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Crazy Dutchman Wants to Fly 4 Stout Men to Mars in a Spaceship for Mars One


Stashed in: The Universe, Mars!, Mars Humans

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I don't get the impression that these poor souls will be coming back.

And they won't be starting families on the red planet, since their children would be sterile anyway.

From the article:

The idea is to first send rovers, which will stake out a good site for a settlement and then build out living units. In 2022, the crew will take a "transit habitat" for the seven-month trip to Mars and settle in to their new home. The intention is that the crew will live on the planet for the rest of their lives. Every two years after that, another group will join the settlement to populate the colony.

My prediction: they never reach their destination, and instead spend an eternity wandering the devil's dark void as punishment for their hubris. Their shuttle becomes a ghost ship, drifting on the sea of space and frightening space travelers for years to come.

The good news is that the story will make a fantastic movie.

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...the very next day, Ray Bradbury (author of The Martian Chronicles) dies: http://io9.com/5916175/rip-ray-bradbury-author-of-fahrenheit-451-and-the-martian-chronicles

Coincidence? Or foul play?

In case the Yahoo News article disappears, I found this enjoyable to read 3 years later:

It sounds like a science-fiction fantasy, but the company Mars One says it's for real—and that it will really establish a settlement on the planet Mars by 2023.

The privately financed Dutch company has a plan. All it needs is a lot of cash, equipment and four Mars-bound astronauts who are willing to take a one-way trip to the red planet.

The idea is to first send rovers, which will stake out a good site for a settlement and then build out living units. In 2022, the crew will take a "transit habitat" for the seven-month trip to Mars and settle in to their new home. The intention is that the crew will live on the planet for the rest of their lives. Every two years after that, another group will join the settlement to populate the colony.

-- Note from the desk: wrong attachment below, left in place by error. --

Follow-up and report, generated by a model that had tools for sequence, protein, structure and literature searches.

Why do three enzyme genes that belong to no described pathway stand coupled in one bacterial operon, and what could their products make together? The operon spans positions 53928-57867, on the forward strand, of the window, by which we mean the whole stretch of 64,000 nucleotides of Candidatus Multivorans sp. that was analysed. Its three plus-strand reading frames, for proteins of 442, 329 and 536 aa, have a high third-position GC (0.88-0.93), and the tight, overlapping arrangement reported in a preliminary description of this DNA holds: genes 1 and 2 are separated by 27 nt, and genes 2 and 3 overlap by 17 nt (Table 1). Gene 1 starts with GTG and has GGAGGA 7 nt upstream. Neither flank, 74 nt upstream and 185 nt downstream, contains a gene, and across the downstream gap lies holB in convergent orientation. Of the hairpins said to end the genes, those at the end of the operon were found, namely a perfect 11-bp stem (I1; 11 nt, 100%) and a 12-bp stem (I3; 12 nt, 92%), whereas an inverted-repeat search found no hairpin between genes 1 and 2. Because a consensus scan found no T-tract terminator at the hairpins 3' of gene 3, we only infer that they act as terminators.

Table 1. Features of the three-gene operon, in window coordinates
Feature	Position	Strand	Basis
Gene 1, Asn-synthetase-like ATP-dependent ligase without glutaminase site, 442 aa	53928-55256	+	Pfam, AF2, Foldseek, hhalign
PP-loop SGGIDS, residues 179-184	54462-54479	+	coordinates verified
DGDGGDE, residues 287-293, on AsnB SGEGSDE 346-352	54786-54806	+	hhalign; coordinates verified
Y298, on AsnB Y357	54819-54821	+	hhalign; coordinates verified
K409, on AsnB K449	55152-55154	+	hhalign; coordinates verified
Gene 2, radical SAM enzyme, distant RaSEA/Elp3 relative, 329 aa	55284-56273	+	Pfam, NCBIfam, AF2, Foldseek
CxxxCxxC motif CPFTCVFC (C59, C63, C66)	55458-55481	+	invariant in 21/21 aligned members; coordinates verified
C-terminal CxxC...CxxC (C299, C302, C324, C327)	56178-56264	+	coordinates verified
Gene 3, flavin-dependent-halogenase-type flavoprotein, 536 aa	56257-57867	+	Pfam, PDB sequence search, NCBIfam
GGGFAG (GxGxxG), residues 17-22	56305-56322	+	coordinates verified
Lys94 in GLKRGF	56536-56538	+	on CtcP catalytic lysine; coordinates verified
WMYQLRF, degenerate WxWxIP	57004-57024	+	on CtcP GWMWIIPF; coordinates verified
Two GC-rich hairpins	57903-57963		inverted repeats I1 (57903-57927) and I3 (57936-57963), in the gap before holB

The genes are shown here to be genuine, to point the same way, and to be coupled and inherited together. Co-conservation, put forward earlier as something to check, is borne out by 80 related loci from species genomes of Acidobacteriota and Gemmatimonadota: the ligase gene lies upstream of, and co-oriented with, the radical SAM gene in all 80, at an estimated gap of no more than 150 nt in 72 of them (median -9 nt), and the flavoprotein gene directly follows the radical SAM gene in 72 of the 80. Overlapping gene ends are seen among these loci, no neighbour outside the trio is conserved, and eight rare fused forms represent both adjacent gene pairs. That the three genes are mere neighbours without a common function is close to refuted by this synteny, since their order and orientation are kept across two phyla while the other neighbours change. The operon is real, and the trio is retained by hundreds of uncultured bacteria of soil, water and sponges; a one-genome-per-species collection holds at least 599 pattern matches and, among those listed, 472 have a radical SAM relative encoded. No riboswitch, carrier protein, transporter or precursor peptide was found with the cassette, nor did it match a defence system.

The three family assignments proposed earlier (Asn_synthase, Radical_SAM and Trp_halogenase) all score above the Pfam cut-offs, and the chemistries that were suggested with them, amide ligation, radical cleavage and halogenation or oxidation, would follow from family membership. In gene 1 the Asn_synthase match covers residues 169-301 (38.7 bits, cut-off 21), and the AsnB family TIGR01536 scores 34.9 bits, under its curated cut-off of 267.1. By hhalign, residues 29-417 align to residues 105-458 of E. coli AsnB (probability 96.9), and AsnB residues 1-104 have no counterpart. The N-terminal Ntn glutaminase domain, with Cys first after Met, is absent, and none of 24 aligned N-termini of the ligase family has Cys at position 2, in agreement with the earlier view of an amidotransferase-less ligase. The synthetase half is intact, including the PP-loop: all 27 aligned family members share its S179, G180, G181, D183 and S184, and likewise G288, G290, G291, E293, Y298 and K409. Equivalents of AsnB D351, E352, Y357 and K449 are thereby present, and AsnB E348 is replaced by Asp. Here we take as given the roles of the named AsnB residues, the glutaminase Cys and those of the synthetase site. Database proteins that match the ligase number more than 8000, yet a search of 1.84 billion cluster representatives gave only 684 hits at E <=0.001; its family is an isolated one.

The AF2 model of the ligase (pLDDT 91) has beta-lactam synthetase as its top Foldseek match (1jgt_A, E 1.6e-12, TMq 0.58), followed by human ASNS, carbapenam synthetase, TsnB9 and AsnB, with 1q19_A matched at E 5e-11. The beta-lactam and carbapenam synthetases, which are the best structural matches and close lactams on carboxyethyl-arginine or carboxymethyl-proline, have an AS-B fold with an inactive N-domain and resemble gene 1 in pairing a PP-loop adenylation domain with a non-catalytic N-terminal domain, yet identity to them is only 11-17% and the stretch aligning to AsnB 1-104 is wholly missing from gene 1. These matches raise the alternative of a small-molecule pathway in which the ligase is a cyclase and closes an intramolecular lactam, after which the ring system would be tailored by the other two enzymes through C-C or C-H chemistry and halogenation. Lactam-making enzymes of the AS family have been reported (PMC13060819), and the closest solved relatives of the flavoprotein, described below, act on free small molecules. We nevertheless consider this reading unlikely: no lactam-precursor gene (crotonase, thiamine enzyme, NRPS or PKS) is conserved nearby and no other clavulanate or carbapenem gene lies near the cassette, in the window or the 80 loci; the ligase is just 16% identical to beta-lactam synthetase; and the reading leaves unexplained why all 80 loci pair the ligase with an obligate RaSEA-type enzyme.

Mars One co-founder Bas Lansdorp has a very modern approach to funding the project: media exposure. "We will finance this mission by creating the biggest media event ever around it." He said in a company video, adding, "Everybody in the world can see everything that will happen in the preparations and on Mars."

Think of it as a "Big Brother" for outer space. Lansdorp explained to Yahoo! News, "This would be 'real' reality TV -- adventure is automatically included, we don't have to add fake challenges." He added, "By sending a new crew every two years, Mars will have a real, growing settlement of humans -- who would not like to follow that major event in human history?"

Who, indeed? The other-worldly idea has certainly intrigued the Web. The Mars One video has received over 232,000 views on YouTube since it launched less than a week ago.

Beyond entertainment, some scientists certainly seem intrigued by the possibility of interplanetary travel. Theoretical physicist and Nobel Prize winner Gerard 't Hooft, a "mission ambassador" for Mars One, endorses the plan. He says, "This project seems to be the only way to fulfill humanity's dream to explore outer space. It's going to be an exciting experiment."

Next year, according to its website, the company will begin an astronaut selection process. Those who have the right stuff will then undergo a decade of preparation. And, we assume, the Mars travelers will be ready for their out-of-this-world close-up.

2015 updates on the Mars 100 astronaut selection:

Bas Lansdorp:

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